Monday, February 17, 2014

Whisper of the Heart

"I wanna know where children would go if they never learned to be cool"
- from Going North by Missy Higgins

How many of us truly remember being thirteen? The veneer of nostalgia stifles the poignancy of our former being, fabricating a past to validate our present, an imaginary child-self serving only to glorify adulthood, a delusional, eviscerating extroversion of what was once the self. Thus we betray ourselves into insignificance, imagining youth as the passive clay to be shaped by elders' iron fist. As adults, we imagine that the young are nothing without us. It is no more glorious, no less embarrassing a delusion than that. Patronizing, denigrating, defaming youth, ridiculing the little ones makes us feel big. In this quest for validation in the present we gladly sacrifice our past, our core, the once-vibrant ego around which we the malformed shell, the hollow pretense of mature respectability, still revolve.
We willfully forget our struggle.

Whisper of the Heart is not necessarily what one pictures when thinking of Studio Ghibli. It is not a grandiose, exuberant fantasy like Princess Mononoke, Howl's Moving Castle or Spirited Away. It begins instead like the studio's lesser-known, more mundane slice-of-life films like Only Yesterday or Ocean Waves. However, while those have their own charm they are also in danger of losing themselves in somewhat stultifying hyper-realism. In contrast, Whisper portrays a rich fantasy world overlaid on mundane city life, not as an alteration of reality but as the perception of a perceptive mind. It dredges up the moments of wonder we miss all around us, seen through the prism of a sensitive, intelligent, creative individual.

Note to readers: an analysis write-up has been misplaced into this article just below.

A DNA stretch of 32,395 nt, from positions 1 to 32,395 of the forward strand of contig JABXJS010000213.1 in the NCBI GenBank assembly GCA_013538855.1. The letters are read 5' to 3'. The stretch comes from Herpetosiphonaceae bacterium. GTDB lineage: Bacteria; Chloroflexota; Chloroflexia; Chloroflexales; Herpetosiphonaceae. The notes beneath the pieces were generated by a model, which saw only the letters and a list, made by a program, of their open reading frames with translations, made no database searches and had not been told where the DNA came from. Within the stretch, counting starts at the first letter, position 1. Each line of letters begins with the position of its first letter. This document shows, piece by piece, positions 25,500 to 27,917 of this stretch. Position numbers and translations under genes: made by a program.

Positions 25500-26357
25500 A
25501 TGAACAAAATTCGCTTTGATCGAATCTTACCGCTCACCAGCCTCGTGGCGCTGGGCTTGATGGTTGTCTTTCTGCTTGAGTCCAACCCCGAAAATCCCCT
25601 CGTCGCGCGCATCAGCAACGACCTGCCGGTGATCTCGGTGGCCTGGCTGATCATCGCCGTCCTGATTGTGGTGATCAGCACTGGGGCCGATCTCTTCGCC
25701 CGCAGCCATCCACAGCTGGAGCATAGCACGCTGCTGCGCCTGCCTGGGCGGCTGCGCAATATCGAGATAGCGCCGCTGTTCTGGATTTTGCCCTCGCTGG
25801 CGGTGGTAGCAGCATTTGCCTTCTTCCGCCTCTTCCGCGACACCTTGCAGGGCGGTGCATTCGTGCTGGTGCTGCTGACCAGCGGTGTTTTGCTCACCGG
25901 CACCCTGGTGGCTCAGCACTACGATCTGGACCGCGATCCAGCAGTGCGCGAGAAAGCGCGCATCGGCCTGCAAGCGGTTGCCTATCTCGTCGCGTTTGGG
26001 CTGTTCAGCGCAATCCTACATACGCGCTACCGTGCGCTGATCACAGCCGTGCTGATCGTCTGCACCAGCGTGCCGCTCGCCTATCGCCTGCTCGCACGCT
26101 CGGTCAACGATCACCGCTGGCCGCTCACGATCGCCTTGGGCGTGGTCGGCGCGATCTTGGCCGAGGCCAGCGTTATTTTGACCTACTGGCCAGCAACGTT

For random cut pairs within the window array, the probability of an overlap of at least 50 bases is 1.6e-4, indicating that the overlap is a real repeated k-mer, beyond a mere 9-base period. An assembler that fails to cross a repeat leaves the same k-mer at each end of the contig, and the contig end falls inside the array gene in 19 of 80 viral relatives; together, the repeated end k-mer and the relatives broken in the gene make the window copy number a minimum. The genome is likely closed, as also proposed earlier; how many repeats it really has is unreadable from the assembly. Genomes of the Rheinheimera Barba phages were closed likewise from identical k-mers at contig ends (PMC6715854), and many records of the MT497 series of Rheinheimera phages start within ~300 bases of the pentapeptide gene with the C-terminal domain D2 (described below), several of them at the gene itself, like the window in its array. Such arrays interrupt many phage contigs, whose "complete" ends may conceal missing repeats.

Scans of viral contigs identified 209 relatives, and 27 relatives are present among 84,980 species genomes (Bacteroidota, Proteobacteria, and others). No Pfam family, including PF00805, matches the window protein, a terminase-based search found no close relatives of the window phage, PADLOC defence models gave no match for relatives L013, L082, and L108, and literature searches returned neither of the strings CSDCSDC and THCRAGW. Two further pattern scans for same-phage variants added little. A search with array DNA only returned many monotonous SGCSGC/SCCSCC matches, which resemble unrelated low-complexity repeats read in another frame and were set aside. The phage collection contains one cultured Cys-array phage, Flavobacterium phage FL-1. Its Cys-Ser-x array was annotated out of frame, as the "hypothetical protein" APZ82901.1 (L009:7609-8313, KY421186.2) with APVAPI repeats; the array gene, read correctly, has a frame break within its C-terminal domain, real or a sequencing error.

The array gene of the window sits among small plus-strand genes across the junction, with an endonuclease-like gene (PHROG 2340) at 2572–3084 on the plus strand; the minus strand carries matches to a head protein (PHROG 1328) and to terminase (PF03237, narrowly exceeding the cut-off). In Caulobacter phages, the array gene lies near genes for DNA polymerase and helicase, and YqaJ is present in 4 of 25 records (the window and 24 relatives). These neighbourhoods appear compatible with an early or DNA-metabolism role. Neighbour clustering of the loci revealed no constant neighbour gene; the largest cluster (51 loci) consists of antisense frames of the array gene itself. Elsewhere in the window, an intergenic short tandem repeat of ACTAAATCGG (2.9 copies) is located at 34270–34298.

"The poet's eye, in fine frenzy rolling,
Doth glance from heaven to earth, from earth to heaven
And as imagination bodies forth 
The forms of things unknown, the poet's pen
Turns them to shapes and gives to airy nothing
A local habitation and a name."

That is the core of what makes for a workable slice-of-life story. A day in the life of a normal human is dull. A day in the life of an interesting person can be interesting. Whisper is a story about creativity, about the dogged insistence on seeing more to the world than the crass mechanics of human social ritual, more than the deterministic chore of "growing up." It is in many ways the antithesis of that most despicable literary crime, the "coming of age" story in which some naive youth is beaten into a socially acceptable form by patronizing elders. From dappled sunlight on concrete and the nostalgia for library sign-out cards to hoards of artisanal treasure hidden in the belly of of modern city and dreams of faraway lands, there is always more to life than the grind. There are gems to be found in dull rocks. Shizuku must decide what to do with her life, yes, but to her the answer is not an easy, monosyllabic, monochromatic "job" or the singleminded race for social approval. She struggles and hesitates, rallies and re-assesses and remains always the principal agent of her own becoming.

However, the truly delightful touch which puts this movie above other stories of exceptional individuals struggling for integrity and personal growth is the thin thread of hope running throughout. Not rampant, delusional optimism but the frail, rare connection of possibilities. If you had declared in 8th grade that your high school entrance exams had taken a back seat, that you had something you needed to do, more important than proving yourself to the establishment, what would your parents have said? Are there people like Shizuku's father in the world, or Nishi the antiquarian? Are there objects of meaning like the Baron's statue? Are there oases of wonder and peace which float above the cities?

Are there any youths who refuse to lose themselves in the all-too-human, mechanistic devolution of fatalistic aging, refuse to let that barest whisper of the self be completely silenced?

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